Last year, according to Convergence Consulting, more than one million cable subscribers "cut the cord," choosing to combine stand-alone broadband and a series of legal and illegal "over the top" services to fulfill their TV needs. Granted, one million cord-cutters, in the face of 106 million paying TV subscribers, hardly seem like critical mass. But ... that's more than twice the number of cord-cutters from the previous year. Even more disconcerting, 38 percent of all homes that cut the cord, did so in the past 12 months. The exodus is picking up steam.
Much has been made of how Millennials (15-30 year-olds) will change the way media is consumed. They already have. Yet, they are just the tips of the spears. The generation coming up behind them (0-15 year-olds) -- a group Magid Associations calls Plurals -- will send far more shocks through the system. While Millennials are conversant in digital technologies, Plurals are the first generation of digital natives -- they have never experienced anything but an on-demand culture.
Take these rebellious digital pioneers and their content-anywhere attitudes, stir in an excruciatingly rough job market, piles of Millennial student loan debt, and the fact that Plurals are the first generation likely to earn less than their parents; and those dark clouds get more and more ominous.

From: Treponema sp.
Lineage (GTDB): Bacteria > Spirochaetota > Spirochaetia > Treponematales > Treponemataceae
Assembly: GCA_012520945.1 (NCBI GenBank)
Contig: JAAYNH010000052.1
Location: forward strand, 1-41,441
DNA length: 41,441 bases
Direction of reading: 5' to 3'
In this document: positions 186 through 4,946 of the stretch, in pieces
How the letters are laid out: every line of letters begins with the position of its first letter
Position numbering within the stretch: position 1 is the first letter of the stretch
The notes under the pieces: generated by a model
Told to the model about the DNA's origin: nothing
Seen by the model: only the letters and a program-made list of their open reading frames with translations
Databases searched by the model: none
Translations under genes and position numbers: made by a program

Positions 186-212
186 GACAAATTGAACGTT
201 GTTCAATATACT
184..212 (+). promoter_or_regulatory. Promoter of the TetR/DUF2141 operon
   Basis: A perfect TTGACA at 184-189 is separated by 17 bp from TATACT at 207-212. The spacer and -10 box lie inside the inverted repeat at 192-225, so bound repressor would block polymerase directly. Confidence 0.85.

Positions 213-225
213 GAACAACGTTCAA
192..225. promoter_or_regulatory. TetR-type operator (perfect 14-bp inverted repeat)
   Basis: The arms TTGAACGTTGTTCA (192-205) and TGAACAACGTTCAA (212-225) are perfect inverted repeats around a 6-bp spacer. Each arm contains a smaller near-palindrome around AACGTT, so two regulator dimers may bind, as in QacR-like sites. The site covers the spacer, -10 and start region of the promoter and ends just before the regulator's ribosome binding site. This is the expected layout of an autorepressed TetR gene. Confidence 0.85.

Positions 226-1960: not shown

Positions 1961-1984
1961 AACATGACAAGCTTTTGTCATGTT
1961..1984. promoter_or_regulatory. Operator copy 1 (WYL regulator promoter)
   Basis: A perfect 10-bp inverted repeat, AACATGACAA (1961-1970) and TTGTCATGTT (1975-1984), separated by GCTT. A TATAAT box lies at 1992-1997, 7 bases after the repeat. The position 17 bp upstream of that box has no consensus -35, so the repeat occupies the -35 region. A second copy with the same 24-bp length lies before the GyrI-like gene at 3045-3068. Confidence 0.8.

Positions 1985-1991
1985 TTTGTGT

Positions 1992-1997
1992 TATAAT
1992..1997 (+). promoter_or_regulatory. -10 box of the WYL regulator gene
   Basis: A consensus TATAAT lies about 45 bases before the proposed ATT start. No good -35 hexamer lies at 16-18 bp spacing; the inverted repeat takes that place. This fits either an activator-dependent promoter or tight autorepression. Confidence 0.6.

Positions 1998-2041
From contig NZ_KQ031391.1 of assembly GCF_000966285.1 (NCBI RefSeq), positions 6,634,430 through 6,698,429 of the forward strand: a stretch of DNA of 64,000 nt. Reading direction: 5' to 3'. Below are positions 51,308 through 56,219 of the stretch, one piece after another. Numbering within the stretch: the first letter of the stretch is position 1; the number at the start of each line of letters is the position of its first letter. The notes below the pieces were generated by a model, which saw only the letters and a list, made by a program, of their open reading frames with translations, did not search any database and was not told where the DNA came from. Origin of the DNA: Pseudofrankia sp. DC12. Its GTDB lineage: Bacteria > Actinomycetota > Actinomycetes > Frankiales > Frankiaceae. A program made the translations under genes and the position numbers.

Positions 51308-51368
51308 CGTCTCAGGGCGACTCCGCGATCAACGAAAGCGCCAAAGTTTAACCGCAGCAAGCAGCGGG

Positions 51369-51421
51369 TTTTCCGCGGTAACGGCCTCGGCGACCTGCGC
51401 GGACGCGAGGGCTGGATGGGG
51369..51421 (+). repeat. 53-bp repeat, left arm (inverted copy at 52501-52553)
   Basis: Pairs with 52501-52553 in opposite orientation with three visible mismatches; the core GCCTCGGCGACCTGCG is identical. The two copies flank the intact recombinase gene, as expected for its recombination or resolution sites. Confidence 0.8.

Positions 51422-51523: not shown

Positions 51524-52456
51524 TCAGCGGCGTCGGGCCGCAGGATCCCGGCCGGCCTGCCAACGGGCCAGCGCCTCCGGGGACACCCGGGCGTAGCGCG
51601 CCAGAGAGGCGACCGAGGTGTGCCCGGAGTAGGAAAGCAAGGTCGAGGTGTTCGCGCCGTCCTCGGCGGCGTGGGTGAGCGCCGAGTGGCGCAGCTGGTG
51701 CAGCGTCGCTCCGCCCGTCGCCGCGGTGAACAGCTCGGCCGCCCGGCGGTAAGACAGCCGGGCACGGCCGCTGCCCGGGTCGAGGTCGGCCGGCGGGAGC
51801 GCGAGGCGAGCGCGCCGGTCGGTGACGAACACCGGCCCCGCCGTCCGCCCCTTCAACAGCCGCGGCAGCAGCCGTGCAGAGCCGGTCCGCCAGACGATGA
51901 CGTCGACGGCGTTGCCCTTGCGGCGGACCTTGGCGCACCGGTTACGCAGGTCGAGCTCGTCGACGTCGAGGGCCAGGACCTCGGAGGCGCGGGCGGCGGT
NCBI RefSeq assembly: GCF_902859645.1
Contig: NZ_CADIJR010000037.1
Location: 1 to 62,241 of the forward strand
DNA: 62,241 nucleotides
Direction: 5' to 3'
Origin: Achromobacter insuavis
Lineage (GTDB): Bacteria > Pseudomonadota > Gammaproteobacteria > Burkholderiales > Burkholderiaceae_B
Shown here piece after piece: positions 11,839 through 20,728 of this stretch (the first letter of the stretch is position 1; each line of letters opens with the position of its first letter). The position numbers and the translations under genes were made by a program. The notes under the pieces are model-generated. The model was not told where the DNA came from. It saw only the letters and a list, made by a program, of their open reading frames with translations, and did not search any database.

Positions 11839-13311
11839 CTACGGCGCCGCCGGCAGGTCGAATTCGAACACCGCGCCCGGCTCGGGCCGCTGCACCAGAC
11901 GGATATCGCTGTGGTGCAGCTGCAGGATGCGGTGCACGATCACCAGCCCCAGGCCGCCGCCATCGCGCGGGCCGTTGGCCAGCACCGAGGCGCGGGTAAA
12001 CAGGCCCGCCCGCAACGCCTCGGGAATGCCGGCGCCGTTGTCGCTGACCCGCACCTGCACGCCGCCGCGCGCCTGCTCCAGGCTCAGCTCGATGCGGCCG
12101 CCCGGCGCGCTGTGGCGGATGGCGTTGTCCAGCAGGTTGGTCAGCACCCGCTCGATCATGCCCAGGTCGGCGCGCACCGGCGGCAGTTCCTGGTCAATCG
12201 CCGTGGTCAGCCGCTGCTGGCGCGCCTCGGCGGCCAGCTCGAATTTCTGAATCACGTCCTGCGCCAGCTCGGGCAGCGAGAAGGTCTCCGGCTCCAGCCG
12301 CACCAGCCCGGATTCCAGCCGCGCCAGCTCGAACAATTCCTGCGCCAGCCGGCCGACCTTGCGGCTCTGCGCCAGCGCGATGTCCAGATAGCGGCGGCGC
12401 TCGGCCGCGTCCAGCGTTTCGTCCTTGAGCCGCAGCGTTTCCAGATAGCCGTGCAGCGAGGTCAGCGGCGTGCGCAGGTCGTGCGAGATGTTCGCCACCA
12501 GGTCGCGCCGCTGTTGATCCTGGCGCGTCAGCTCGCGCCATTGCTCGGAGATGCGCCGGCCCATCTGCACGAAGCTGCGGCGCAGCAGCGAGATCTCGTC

The idea of paying $100 a month for a suite of channels -- of which they use only 5-10 -- is, to these generations, as realistic as Paranormal Activity. Maybe less.
Consider this chart:
That's right, more people illegally download each episode of Dexter than actually watch the show on its network. Same for Game Of Thrones. If you included the BitTorrent views of The Big Bang Theory, its audience would grow by nearly 20 percent. For Glee, it would grow by 24 percent. These numbers are going up, not down.
Nevertheless, when you talk to programmers in the TV business, many seem to have their heads in the sand. They poo-poo the issue; point to the low numbers and dismiss them as negligible; or, they blame cord-cutting on recent economic woes and claim it will dissipate once things normalize. As recently as last week, staring directly into the face of data to the contrary, uber agent and face of the current TV establishment, WME CEO Ari Emanuel said 'cord cutting isn't happening.'